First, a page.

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Increase energy research by ending the wind subsidy  

Credit:  Sen. Lamar Alexander | The Tennessean | August 13, 2016 | www.tennessean.com ~~

The U.S. does many things well, but one thing we do better than any other country is innovation through basic research. Matter of fact, it’s hard to think of an important technological advancement since World War II that has not involved at least some form of government-sponsored research. To solve our energy and climate challenges, the federal government should double funding for basic energy research, and the way to pay for it is by ending the wasteful Big Wind subsidy on Jan. 1, 2017.

I’ve spent much of this year working on legislation to drive biomedical research. Dr. Francis Collins, the director of the NIH, testified that in 10 years researchers in the U.S. may be rebuilding hearts from adult stem cells and giving patients artificial organs. There may be a vaccine for HIV/AIDS.

Just as remarkable are the opportunities available in clean energy research – lowering the cost of energy, cleaning the air, improving health, reducing poverty and helping address climate change.

The biggest problem we have with increasing basic energy research is finding a way to pay for it, so I introduced legislation to help solve that problem. By ending the 24-year-old wind production tax credit at the end of this year instead of at the end of 2019, Congress could use the $8.1 billion saved to increase the funding for the Department of Energy’s Office of Science. This would support the same kind of basic energy research that drove our natural gas boom and could jump-start the next generation of energy innovation.

Let’s not continue to give away this money to wind developers – who move forward with wind energy projects often over the objections of communities, towns and homeowners that don’t want their farmland and mountains littered with massive 45-story turbines.

And I’m not the only one who says we should focus on research instead of incentives for mature energy technology.

Political scientist Bjorn Lomborg wrote in the Wall Street Journal last month that “Instead of rhetoric and ever-larger subsidies of today’s inefficient green technologies, those who want to combat climate change should focus on dramatically boosting innovation to drive down the cost of future green energy.”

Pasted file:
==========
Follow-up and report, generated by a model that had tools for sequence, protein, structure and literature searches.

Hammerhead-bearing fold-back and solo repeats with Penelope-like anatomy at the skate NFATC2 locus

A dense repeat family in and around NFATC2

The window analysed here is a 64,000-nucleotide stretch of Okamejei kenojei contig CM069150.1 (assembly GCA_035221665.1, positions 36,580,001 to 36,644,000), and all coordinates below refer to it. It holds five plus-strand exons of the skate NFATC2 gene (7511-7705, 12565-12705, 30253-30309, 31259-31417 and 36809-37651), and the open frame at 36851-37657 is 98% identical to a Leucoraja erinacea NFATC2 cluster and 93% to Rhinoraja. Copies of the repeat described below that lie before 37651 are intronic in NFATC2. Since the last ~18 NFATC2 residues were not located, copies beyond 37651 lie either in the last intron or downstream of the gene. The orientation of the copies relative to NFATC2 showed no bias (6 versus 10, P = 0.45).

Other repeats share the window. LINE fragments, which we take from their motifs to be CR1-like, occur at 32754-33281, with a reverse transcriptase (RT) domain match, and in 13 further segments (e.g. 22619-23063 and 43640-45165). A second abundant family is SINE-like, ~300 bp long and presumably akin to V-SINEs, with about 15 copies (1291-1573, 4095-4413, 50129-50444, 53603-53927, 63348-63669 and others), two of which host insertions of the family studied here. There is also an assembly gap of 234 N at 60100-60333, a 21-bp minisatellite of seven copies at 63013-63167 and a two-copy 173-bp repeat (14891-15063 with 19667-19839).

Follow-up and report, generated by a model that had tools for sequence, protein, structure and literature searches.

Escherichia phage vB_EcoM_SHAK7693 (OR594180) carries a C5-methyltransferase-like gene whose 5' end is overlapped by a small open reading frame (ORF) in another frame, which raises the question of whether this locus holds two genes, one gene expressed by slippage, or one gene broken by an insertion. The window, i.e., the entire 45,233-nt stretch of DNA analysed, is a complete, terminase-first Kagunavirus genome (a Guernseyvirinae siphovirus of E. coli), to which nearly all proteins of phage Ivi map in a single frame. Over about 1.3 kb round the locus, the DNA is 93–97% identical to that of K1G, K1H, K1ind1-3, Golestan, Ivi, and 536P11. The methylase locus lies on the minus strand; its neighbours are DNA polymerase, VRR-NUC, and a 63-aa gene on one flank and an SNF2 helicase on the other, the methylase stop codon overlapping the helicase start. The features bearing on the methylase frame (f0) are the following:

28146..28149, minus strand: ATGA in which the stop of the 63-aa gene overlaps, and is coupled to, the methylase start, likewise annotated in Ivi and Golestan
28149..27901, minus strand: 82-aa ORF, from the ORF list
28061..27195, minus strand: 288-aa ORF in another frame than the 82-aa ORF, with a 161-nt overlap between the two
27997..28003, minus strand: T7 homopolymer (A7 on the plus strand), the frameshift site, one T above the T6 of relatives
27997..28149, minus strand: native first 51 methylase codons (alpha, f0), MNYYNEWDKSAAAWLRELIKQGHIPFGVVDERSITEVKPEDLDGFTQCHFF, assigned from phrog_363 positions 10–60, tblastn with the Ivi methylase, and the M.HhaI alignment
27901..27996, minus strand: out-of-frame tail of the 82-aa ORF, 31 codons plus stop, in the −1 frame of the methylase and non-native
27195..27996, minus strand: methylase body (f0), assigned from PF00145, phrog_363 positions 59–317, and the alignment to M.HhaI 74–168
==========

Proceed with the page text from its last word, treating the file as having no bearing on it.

Lomborg wrote the U.S. should support energy research the way Bill Gates does through the Breakthrough Energy Coalition – which has committed $7 billion of private funding toward clean energy research.

And Mr. Gates has said to me that the government should double its $5 billion investment in basic energy research to boost clean energy innovation.

Such research could help develop small modular reactors, which would allow inherently safe nuclear power to be produced with less capital investment and less resulting nuclear waste in more places. After all, nuclear power provides 60 percent of our country’s carbon-free electricity, and it is available 92 percent of the time. Wind, on the other hand, produces 15 percent of our country’s carbon-free electricity – and the wind only blows 35 percent of the time.

And basic energy research could also help develop an economical way to capture and use carbon, make solar power cost-competitive and help advance supercomputing – which is essential to solving the most complex scientific problems and maintaining our country’s competitiveness and national security.

In 2014, Congress voted to spend another $6 billion to extend the wasteful wind subsidy for one year. That amount is more than the U.S. spends in an entire year on the Office of Science at the Department of Energy. Let’s not make that mistake again.

Basic energy research is one of the most important things the country can do to help unleash our free enterprise system to provide the clean, cheap, reliable energy we need to power our 21st-century economy, create good jobs and keep America competitive in a global economy.

Lamar Alexander, R-Knoxville, represents Tennessee in the U.S. Senate.

Source:  Sen. Lamar Alexander | The Tennessean | August 13, 2016 | www.tennessean.com

This article is the work of the source indicated. Any opinions expressed in it are not necessarily those of National Wind Watch.

The copyright of this article resides with the author or publisher indicated. As part of its noncommercial effort to present the environmental, social, scientific, and economic issues of large-scale wind power development to a global audience seeking such information, National Wind Watch endeavors to observe “fair use” as provided for in section 107 of U.S. Copyright Law and similar “fair dealing” provisions of the copyright laws of other nations. Send requests to excerpt, general inquiries, and comments via e-mail.

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